TYPE B in TAIPEI, PART VI: Unintentional Phallic Artwork, and Other Hazards of Teaching

2015-10-12 16.01.23The word was necklace. It was a word I had introduced to my junior high students the previous week as we used a dialogue about a woman’s lost wedding ring to practice our speaking and pronunciation skills. The boy reached into the bucket of Pictionary words I’d created specially for this review game and pulled out the piece of jewelry one wears about the neck. I asked him if he remembered the word and he assured me he did. His teammates watched anxiously as I started the 1-minute countdown in which he’d have to draw a picture that they could then interpret correctly to give me the word. I yelled, “Ready, set, GO!” and watched his teammates for a raised hand. Then, after a few seconds, the entire class erupted in laughter. I turned to see what was so funny and discovered the boy, in a hurried attempt to draw a necklace with a small pendant had instead drawn what more closely resembled a penis with urethral opening. My wide eyes must have told him he needed to try again, which he did. Seconds later, more laughter–this time, he’d done a rather fine rendition of a vagina. Thankfully, his teammates were able to guess the word, and he was able to sit down without suffering any more embarrassment. In short, welcome to my life, friends.

This has been a hectic past few weeks, which is why I hope to be forgiven that I didn’t publish anything in October. When last I posted, it was mere hours before landfall of the final major typhoon of the season to affect my new home in Taipei. Typhoon Dujuan barreled into northern Taiwan as a strong Category 3 storm on the day of the Moon Festival (Lunar New Year). Nevertheless, that weekend, which included an awesome 10-minute firework show along the riverbank, a wild night-out dancing, and bonding with new friends over beer and horror movies as the storm moved over the city, was easily one of the high points of my Taiwanese experience thus far. Two weeks after that, I made a trip back to Korea to see old friends and was lucky enough to be back in my old stomping grounds around Daegu for the city’s first official drag show. The weekend before this past one was Taipei Pride, which was my first ever experience with a Pride celebration. The rest of my time has been filled with almost universally fun class sessions with my junior high students, dinners and drinks with friends, and long bike rides around the city on cool days. I think I’m doing all right.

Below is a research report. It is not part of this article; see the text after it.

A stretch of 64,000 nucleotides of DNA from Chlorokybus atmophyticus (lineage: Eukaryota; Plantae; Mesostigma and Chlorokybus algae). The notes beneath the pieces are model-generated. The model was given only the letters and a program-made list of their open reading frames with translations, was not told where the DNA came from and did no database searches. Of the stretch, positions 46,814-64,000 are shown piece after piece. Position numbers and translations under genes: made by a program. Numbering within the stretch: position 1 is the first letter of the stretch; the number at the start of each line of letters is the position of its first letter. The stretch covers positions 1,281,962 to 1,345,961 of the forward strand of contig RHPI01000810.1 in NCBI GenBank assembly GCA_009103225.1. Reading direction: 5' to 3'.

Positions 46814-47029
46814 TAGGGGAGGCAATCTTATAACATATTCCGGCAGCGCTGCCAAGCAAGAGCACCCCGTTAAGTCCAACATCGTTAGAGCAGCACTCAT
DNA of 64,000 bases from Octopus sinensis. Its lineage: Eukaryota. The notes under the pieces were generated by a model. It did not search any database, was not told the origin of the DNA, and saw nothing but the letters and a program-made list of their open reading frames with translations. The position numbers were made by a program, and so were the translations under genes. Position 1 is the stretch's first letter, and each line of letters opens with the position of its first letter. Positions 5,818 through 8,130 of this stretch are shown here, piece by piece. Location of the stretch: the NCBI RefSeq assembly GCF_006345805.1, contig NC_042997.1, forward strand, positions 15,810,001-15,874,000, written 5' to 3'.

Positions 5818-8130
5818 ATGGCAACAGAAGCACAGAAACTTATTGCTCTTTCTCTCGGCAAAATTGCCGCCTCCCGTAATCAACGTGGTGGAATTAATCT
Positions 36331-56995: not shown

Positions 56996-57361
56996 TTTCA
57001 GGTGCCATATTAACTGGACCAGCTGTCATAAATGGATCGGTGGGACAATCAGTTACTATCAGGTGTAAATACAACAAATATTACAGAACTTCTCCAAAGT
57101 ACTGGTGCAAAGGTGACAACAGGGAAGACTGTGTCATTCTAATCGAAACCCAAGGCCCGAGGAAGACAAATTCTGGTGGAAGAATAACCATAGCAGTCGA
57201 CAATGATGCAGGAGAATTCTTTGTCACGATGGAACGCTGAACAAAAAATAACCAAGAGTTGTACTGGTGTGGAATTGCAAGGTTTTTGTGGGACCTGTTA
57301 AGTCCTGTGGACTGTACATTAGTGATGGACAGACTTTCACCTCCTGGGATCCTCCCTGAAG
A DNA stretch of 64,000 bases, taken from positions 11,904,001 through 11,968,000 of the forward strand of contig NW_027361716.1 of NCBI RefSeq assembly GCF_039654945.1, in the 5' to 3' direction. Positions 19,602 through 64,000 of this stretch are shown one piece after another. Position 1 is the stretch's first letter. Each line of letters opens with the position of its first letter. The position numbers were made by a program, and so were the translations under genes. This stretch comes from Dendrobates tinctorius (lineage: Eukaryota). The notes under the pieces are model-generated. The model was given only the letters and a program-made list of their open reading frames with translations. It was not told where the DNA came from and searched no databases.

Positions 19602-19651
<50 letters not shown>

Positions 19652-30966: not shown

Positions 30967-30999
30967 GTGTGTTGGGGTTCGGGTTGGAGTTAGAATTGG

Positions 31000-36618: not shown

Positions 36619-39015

The Pride Parade in Taipei, October 31, 2015.

The Pride Parade in Taipei, October 31, 2015. (Photo: Roy-Gene)

I’m not sure what it is about this place, but I just absolutely love it here. It’s far from perfect, of course. I mean, the summer heat is just intolerable (don’t even ask me to come out of my air-conditioned apartment between 11 a.m. and 7 p.m.), good coffee is hard to come by, non-sweetened bread is practically unheard of, and those hordes of damned scooters are cute at first but get really annoying after a while, not to mention dangerous. Nevertheless, I challenge anyone to show me some place in the world that is truly perfect. Even the Scandinavian countries that American liberals practically have wet dreams over have their downsides. At this point, the only other experience I can compare to my current one is the two years I spent living in South Korea. I’ve now been in Taiwan for around seven and half months and I recall that by this point in my time living in the Daehan Minguk that I’d already decided I didn’t care for it that much, not the least because Korea isn’t a particularly welcoming place to Westerners. I don’t mean to say that’s necessarily a black mark against them; I mean, I don’t believe that Westerners are entitled to a red carpet welcome wherever they go in the world, but I do at least want to feel like a welcome guest in the country where I live. While I certainly do feel that way in Taiwan, in Korea I often felt I was little more than a barely-tolerated Waygookin nuisance.